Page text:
My recent picks of whisky have dove into ideas of what I know about whisky, where we might be now, where we have been, and what changes may have happened. Since my life seems to be an exercise in slowly reacting to something external and seeing how my particular set of genes handles it, one shouldn’t be surprised I’m applying it to whisky. And unless I find a couple hundred million sitting around I won’t be working on improving logistics to help the current whisky pricing situation.
What I can do is keep self-reflecting, and of course the ultimate self-reflection as a Scotch nerd is to look at Diageo.
On the one hand Diageo owns quite a few distilleries I enjoy: (Edit: why did I say Laphroaig), Caol Ila, Lagavulin, Mortlach, Talisker, and probably more but the website listing them isn’t doing me favours listing them. Can’t disagree with the scores I’ve given those, they own them, I drink them, the end.
On the other they make getting some of those whiskies in cask strength hard. Sure, I can grab most Blair Athol cask strength offerings from IBs, or even Caol Ila, but Lagavulin? No, we have to leave the name off that.
The answer seems simple: Wait until the release of their special releases, which brings me to the 2021 set that I’ll be reviewing over the next few days.
So where do I start? Well I had a close friend hand me a bottle of Talisker 10 as a thank you recently, and decided it’s going to be my parent’s house bottle moving forward, so Talisker 8 2021 Special Release, allowing me to compare and contrast to the standard.
What’s different? First off the obvious, it’s 2 years younger. Not a big deal to me. Age denotes little in certainty of quality. It’s matured in “heavily peated refill casks”, as in the ones that had the heaviest peaty character of the casks, versus casks that had previously help heavily peated whisky.
Cask strength too. So we’re looking for something that takes the typical Talisker 10 and gives us something different. That’s the idea on these whiskies: Give me something more, be it different, complexity, or some combination of both.
Does it work? Let’s see, shall we?
Price: £ 85
Cask types: Heavily peated refill casks
Colour: 7.5Y 9/3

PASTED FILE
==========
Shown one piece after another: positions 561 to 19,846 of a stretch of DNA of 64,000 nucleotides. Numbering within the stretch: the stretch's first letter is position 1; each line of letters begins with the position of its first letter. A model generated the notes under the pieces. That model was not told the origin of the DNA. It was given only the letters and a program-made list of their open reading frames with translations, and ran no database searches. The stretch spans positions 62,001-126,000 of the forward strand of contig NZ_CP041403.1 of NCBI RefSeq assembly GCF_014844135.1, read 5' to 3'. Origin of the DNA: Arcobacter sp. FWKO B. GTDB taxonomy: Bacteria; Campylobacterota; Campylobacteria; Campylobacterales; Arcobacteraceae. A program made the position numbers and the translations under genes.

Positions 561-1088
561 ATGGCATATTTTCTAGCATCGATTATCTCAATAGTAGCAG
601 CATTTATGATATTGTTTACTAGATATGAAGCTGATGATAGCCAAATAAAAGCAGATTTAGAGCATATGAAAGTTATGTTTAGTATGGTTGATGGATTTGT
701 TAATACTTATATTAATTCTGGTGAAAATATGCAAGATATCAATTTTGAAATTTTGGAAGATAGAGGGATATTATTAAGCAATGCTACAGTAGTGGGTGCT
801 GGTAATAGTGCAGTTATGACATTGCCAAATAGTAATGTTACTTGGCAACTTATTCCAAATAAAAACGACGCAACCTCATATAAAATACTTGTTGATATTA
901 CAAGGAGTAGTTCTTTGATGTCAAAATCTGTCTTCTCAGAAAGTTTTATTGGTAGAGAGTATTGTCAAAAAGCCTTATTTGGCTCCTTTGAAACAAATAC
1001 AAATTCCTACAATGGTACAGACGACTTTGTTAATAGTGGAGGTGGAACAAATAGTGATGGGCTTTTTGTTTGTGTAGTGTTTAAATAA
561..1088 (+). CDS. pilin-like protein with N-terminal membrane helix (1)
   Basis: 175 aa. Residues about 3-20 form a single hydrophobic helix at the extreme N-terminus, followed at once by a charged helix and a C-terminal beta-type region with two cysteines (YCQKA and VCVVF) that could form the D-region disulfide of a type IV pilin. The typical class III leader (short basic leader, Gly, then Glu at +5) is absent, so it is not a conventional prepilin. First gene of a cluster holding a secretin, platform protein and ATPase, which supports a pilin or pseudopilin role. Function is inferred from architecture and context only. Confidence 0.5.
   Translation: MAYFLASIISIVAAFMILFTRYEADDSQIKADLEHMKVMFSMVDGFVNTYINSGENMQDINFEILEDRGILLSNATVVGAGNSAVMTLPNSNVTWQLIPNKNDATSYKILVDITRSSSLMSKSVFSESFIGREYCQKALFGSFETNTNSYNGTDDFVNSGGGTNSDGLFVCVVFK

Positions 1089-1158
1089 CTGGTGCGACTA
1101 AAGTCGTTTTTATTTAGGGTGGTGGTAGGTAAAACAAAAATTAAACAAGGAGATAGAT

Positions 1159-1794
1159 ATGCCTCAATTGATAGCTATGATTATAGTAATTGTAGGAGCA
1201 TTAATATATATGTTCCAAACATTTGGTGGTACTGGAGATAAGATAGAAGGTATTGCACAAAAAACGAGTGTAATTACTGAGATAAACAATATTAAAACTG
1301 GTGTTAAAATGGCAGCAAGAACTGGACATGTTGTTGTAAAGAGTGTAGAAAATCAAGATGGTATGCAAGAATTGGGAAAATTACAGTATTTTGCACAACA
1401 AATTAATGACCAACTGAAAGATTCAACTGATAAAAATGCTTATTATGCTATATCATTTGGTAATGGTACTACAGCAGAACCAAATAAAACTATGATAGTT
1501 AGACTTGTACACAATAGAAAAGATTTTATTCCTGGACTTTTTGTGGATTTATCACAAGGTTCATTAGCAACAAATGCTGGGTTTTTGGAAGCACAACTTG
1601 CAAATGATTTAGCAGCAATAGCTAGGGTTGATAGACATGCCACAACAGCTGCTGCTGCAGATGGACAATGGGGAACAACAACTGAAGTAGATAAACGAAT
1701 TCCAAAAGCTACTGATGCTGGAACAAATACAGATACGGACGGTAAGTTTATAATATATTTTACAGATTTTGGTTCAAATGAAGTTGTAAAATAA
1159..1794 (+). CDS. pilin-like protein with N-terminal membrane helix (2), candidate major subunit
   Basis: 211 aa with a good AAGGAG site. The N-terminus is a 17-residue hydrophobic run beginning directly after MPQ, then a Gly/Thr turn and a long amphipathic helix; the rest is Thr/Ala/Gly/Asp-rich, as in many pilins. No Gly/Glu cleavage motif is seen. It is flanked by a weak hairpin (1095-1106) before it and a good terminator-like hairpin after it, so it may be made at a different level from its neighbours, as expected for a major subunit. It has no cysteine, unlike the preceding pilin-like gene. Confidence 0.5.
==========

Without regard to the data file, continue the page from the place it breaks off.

Nose: Shrimp, charcoal, cocoa, grassy/anise
Some strong brine notes, which I relate with shrimp, I’m not saying that it has an obvious bad shrimp note, I’m saying there’s brine and clean shrimp notes, don’t @ me.
Are we good? Great. Hate mentioning seafood notes, but this is quite briney and has some smoke to it. Eventually you pull out anise, and are surprised and happy.
Wait for it…
Taste: Black licorice, chocolate wafers, cinnamon, apple, black pepper
Strong anise notes, some strong chocolate notes, and honestly it’s all spice after that. It goes back and forth and the anise takes over quite a bit. The apple is trying to balance it all out and let’s be honest, apples are amazing and all (they change every time you plant them!) but they have limits on flavour, and that limit is obvious here and it’s unbalanced.
Finish: Chocolate covered black licorice, sea salt, cinnamon, orange pith
Similar to the taste, however instead of mellow apple we have strong, obvious bitter notes on the orange. There’s a bit more to the finish, and I like it, but I’m a peathead. More peat? Like. Is it getting vastly more complex? No, it’s close to Octomore .1
Conclusion: An interesting take on Talisker with extra anise, which I feel most won’t like and should buy the 10 year standard instead. It’s a heavily peated whisky, for all the good and meh that brings. We’ve been through this so many times now I feel like I’m repeating myself.
Octomore is good, but typically when they use different casks. Ardbeg Supernova was fun, once, and then got repetitive. Same with Octomore .1. This is Talisker hoping the brine would balance it all out and it didn’t. So I’m going to rate this similarly, as I am a peathead, I do like drinking lots of peat, but it doesn’t get outside that box.
So if you’re a peat head, then have this at a bar. I’m happy with the 1 oz I had, and didn’t need to pour anything else. If you can find the 2018 version you’ll be a lot happier.
Scotch review #1528, Island review #168, Whisky Network review #2248